With all the white and simple details we had chosen for the rest of the house, I wanted something a bit more rustic and imperfect so I had initially talked to our contractor about building a door for us. But we needed a huge door ( to be exact) and then we needed two of them, because during the re-design of Phase 2, we suddenly ended up with an entry closet that needed some kind of door.
So we needed 2 doors that could be barn doors. Plus we needed the hardware. So, I started to search for DIY Barn Doors. And after all kinds of blog posts about true DIY doors, I landed at a website for a company called Artisan Hardware. I immediately loved their door designs and the hardware packages seemed within our budget. When I discussed with our contractor that I could get the door and the hardware for about $900 per door, he smiled and said, "Just order it."
I had my door design and I had the hardware that I wanted but I had no idea if I should order it painted or stained. The problem was that I was ordering this door before we had our new floors picked out and it makes no sense to have a door stained or even painted if you don't know what color wood the floors would be. I could sense that I was going at this all backwards and I should have found the patience to wait until we had a floor design but we needed to keep on with all the decisions and this was one that felt very exciting. And, the had a long wait time....so I had to order these doors!
So, I ordered them untreated and figured I could stain them myself. How hard could it be?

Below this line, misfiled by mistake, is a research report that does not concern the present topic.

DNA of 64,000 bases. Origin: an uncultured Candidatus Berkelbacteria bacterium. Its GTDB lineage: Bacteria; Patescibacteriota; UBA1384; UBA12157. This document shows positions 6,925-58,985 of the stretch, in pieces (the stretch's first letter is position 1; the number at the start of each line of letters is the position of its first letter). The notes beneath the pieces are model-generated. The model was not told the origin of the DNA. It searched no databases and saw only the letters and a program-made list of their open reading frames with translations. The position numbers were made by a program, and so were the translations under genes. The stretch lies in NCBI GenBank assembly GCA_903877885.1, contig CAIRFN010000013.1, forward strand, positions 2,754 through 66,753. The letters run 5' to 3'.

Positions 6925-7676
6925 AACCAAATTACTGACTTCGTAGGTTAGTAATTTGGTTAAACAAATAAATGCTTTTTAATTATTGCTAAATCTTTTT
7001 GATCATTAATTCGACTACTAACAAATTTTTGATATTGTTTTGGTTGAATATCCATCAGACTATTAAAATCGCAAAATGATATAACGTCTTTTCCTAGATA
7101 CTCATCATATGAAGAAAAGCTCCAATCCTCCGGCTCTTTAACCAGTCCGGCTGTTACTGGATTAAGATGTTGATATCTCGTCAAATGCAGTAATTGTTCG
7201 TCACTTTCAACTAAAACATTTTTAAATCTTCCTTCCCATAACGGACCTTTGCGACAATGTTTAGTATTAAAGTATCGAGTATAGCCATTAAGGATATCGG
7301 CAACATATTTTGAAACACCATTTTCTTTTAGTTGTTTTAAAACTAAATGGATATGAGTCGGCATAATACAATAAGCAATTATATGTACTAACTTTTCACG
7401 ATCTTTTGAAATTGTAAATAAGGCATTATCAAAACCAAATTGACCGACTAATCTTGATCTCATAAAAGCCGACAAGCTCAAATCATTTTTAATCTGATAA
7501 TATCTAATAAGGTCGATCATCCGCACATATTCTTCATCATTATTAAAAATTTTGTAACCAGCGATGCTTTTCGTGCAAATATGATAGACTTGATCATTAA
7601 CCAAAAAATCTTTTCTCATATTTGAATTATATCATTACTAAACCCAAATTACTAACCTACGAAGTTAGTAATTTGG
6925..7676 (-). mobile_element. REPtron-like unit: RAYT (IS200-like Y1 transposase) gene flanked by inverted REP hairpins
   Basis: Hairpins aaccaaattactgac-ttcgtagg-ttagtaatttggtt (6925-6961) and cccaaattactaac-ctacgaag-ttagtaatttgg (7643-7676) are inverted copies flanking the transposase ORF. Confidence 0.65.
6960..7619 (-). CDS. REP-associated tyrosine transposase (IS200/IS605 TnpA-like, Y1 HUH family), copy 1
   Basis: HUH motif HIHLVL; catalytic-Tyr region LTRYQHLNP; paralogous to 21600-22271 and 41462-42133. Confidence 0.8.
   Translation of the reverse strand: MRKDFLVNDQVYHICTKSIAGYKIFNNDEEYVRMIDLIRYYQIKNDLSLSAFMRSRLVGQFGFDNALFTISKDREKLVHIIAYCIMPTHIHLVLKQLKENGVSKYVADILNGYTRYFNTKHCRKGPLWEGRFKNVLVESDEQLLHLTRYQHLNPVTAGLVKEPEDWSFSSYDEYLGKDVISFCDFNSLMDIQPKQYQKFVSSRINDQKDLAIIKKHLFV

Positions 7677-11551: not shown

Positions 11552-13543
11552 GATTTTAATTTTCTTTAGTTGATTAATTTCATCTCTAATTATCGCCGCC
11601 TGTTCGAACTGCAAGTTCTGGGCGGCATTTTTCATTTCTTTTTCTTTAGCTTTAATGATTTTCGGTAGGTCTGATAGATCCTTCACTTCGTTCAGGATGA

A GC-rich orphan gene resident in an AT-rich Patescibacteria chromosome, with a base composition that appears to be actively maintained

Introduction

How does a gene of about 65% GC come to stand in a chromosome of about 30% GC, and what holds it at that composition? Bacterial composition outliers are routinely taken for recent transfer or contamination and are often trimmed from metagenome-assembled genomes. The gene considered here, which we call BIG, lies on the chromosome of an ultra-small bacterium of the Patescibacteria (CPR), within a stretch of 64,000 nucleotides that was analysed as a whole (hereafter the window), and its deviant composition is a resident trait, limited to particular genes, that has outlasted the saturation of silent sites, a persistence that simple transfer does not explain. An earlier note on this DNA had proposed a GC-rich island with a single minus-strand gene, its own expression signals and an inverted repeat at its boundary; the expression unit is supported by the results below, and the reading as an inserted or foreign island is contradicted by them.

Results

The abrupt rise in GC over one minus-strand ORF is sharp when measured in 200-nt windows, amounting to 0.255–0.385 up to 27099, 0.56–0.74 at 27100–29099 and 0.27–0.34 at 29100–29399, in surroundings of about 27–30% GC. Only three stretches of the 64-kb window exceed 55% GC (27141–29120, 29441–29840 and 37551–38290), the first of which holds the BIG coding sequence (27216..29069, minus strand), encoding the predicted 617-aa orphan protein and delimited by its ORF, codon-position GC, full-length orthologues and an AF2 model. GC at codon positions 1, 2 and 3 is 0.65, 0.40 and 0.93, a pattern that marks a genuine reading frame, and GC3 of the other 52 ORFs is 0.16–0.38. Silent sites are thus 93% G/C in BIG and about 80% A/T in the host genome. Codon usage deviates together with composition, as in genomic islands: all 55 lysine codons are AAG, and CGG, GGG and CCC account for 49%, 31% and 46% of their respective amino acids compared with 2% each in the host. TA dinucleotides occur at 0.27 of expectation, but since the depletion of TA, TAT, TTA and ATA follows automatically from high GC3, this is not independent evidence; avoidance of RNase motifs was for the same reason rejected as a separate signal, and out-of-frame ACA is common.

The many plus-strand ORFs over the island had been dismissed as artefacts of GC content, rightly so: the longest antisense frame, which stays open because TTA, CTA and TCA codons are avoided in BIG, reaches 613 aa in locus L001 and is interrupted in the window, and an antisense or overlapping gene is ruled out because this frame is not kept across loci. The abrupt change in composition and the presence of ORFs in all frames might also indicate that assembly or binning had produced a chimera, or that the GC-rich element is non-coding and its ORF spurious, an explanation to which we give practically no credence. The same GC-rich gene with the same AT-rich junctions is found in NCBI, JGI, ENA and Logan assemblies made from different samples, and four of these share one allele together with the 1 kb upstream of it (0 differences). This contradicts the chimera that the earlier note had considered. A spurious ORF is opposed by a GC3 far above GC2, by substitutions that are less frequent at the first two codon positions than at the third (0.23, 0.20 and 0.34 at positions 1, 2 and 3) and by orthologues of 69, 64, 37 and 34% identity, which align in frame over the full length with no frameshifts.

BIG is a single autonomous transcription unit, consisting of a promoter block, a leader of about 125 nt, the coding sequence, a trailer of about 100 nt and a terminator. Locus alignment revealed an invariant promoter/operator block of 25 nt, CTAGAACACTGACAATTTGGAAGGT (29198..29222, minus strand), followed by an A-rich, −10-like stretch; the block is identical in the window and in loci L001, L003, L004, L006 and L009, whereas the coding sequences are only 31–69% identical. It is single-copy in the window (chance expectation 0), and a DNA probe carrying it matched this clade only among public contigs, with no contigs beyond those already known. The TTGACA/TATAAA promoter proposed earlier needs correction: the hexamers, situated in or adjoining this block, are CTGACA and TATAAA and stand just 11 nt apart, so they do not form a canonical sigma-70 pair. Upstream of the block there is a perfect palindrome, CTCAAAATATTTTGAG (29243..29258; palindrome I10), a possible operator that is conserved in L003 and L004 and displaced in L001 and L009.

I ordered the Horizontal Panel Interior Door and Classic Top Mount Barn Door Hardware.
The hardware arrived first - in the raw silvery finish which I chose to coordinate with the stainless steel and gray finishes throughout the rest of the house. I was so excited. I eagerly waited for the pictures from production of our completed door. A few weeks went by (as expected) and when I finally got a picture of the door, I realized a big mistake: this design of door has a metal case around the back that wraps around the outer edge of the door. This metal casing keeps the door together. This metal casing in black. But I had ordered raw silver hardware. It wasn't going to match.
I spent a day thinking about it and realized that at this point in the game, I couldn't settle for just ok, as I would be seeing this mismatched metal hundreds of times a day. I called customer service and we came up with a solution that worked for both of us as the image on the website does not clearly show the metal edging on the door. I felt good about ordering the right color and figured I could use the raw finish hardware on another project. All that was left was to wait for the doors.
I don't remember the exact day they arrived, but it went something like this:
At 3:45pm, an out of breath UPS driver knocked on our temporary front door. "I have a delivery for you but my truck is too big to come to your house. So it's double parked in front on city hall down the street. You'll need to come unload it there." Oh, ok, "I'll be right there." Then he laughed and said, "Oh you can't do it alone. It's huge and it's heavy and you need tools and crow bar." What the hell! I grabbed one of the guys who already on his way home at 4pm, we grabbed some gloves, some tools and the keys to our Sprinter van. I drove the van down the street, parked in the yellow across from city hall and laughed out loud when I saw the huge UPS freight truck parked in the red. The driver opened the back and inside one big